cquired in mathematics, and it was soon forgotten.
I was idle in college, and learnt little; but I led a happy life, and ran into no wildness or excesses.
Indeed, in that village life, there was small opportunity for such things, and those with whom I lived and associated, both in college and in the society of the place, were excellent people.
Of my classmates, Joseph Bell afterwards became an eminent lawyer; Hunt, the father of the artist and the architect, was a member of Congress; Newcombe distinguished himself in the navy.
But the two whom I knew the most were Holbrook—a gentle, careful, but not very successful scholar, who died at the South, where he was a schoolmaster—and Thayer, Sylvanus Thayer, who was the first scholar in the class, and with whom my intimacy, for sixty years, has never been at any time impaired.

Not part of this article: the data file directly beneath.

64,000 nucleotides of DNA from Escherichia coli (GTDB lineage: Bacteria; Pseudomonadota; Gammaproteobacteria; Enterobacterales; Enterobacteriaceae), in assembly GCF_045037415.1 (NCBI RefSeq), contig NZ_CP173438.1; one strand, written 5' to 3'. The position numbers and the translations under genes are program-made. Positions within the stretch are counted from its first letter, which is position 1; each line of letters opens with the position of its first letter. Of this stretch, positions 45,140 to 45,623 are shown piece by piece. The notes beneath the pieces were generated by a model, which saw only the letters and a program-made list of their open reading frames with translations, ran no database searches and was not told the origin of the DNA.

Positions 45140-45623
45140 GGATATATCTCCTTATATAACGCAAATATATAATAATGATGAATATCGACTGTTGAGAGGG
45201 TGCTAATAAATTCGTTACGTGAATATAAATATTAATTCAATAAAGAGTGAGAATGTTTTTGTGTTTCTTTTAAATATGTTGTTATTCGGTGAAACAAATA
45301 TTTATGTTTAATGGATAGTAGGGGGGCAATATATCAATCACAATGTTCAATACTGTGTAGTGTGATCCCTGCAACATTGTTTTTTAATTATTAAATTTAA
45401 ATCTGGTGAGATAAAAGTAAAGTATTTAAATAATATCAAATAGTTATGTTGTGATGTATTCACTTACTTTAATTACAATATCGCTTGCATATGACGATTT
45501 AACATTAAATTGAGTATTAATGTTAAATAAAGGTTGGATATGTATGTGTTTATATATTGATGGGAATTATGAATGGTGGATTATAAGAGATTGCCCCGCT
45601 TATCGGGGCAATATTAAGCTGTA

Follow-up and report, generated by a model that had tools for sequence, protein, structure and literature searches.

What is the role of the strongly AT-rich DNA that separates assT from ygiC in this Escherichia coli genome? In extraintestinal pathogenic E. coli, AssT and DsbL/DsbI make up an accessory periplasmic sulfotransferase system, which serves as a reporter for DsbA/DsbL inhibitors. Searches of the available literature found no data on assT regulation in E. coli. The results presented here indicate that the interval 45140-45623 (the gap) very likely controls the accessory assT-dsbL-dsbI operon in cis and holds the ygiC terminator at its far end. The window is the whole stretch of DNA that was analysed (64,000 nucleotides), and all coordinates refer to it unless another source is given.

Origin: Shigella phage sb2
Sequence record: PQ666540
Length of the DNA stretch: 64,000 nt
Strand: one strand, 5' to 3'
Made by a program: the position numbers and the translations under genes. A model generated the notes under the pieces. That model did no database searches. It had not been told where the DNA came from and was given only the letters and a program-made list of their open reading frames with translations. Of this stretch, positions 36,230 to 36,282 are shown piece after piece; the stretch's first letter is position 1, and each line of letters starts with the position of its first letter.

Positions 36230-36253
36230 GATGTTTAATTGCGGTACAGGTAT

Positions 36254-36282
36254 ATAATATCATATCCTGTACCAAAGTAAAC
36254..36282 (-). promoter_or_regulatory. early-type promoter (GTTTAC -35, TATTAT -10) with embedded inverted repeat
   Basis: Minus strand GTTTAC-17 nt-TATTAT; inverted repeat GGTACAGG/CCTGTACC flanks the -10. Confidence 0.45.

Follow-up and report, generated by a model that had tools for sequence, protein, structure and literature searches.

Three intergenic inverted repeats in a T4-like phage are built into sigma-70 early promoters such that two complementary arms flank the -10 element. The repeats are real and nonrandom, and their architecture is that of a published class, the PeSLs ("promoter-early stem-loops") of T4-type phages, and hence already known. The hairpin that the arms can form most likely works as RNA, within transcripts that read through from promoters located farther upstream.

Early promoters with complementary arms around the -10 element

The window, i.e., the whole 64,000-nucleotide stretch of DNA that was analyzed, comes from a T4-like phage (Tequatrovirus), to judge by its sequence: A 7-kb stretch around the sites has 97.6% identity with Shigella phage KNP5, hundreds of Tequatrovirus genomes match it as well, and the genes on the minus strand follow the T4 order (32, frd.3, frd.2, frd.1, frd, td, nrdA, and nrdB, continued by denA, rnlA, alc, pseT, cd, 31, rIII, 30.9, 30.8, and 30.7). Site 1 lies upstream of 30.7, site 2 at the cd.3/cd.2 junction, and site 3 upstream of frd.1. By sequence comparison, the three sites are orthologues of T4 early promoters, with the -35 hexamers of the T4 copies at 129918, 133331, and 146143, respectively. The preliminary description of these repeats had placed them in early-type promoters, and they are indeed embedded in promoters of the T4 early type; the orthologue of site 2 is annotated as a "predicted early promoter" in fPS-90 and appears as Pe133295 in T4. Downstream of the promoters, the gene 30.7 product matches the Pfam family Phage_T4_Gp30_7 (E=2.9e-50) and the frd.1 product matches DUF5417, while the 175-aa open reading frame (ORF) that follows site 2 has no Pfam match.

He made West Point what it has been to the military character of the country, and is still alive (1869) at a great age,—a man of very great ability, of the h<